The GIA Diamond Origin Program is, as far as we know, the only origin program based on careful analysis of the original rough diamond and then examining the reportedly resulting polished diamonds using the same suite of advanced techniques. With this process, GIA can definitively and independently make sure the polished diamond is a match to its original rough. This verifiable origin information, which consumers increasingly demand, is a positive step towards reinforcing consumers' trust and confidence in their diamond purchases.

How important is the 'Education Services' initiated by GIA to the trade and can you elaborate on the future direction that education should take concerning the Diamond sector keeping in mind the New Generation coming into the Industry?

Education is the foundation of GIA – it is where our Institute started more than ninety years ago. Our education programmes continue to evolve to educate industry professionals and help retailers translate their knowledge to consumers. Since 1931, we have helped prepare each new generation of gem and jewellery professionals. In addition to learning gemmology or jewellery design and manufacturing, it is very important that those seeking to make or advance a career in the diamond industry develop a strong understanding of ethics and sustainability. These elements are a vital part of our curriculum.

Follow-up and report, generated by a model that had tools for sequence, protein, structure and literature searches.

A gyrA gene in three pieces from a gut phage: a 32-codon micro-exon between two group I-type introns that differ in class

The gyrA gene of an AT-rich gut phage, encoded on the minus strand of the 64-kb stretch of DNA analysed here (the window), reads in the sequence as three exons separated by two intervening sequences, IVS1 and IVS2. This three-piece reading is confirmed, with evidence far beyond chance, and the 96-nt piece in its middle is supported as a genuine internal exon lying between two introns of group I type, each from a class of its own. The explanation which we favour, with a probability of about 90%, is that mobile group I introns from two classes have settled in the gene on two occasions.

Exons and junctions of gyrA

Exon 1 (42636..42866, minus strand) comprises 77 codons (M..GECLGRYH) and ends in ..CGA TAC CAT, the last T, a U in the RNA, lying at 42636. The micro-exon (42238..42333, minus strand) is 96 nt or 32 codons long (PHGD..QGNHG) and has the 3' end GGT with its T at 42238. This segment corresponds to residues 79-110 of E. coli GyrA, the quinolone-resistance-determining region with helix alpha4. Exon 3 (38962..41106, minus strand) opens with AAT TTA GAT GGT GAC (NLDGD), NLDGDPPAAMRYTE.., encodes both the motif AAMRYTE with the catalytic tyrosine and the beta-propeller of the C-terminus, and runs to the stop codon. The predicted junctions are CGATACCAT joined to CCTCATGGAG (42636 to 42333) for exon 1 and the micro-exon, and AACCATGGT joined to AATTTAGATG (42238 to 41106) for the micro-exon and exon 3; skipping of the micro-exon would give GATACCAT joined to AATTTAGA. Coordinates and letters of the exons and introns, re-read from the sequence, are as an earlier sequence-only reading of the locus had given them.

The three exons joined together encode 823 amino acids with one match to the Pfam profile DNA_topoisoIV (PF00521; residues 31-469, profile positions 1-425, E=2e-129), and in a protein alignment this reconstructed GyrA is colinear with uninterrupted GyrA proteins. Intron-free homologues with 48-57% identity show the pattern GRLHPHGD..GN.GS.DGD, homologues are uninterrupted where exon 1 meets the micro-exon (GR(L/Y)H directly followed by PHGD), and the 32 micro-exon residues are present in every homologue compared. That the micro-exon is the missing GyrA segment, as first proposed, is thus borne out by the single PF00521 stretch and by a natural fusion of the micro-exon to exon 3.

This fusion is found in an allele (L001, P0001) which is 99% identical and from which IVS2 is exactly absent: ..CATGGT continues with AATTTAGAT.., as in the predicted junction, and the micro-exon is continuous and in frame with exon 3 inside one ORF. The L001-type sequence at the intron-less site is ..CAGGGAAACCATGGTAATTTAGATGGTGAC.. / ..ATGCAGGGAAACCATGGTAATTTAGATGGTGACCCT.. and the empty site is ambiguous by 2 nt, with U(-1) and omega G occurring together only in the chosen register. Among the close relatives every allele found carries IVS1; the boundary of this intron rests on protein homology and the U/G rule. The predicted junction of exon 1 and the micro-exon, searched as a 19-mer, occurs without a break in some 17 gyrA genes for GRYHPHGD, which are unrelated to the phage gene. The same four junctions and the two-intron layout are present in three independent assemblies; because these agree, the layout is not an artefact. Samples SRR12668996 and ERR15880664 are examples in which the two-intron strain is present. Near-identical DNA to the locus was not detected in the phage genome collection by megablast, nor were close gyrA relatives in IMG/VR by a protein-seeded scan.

Technology is playing an important part in the evolution of the sector with cutting edge machine tools being launched with respect to Diamond Identification, Diamond Cutting etc. What is your opinion on the plethora of products launched and what should the Diamond company heads look at while selecting the best of Technology tools for the company?

Technology cannot replace the emotional side of purchasing a diamond, coloured stone or pearl. Technology works best when it helps consumers better understand the attributes of the gems they purchase, which gives them greater confidence. Our industry has a long history of innovative use of technology, from the iconic jewellers' loupe that brought inclusions into view to the advanced artificial intelligence applications GIA is using today for diamond grading and treatment detection. There are many factors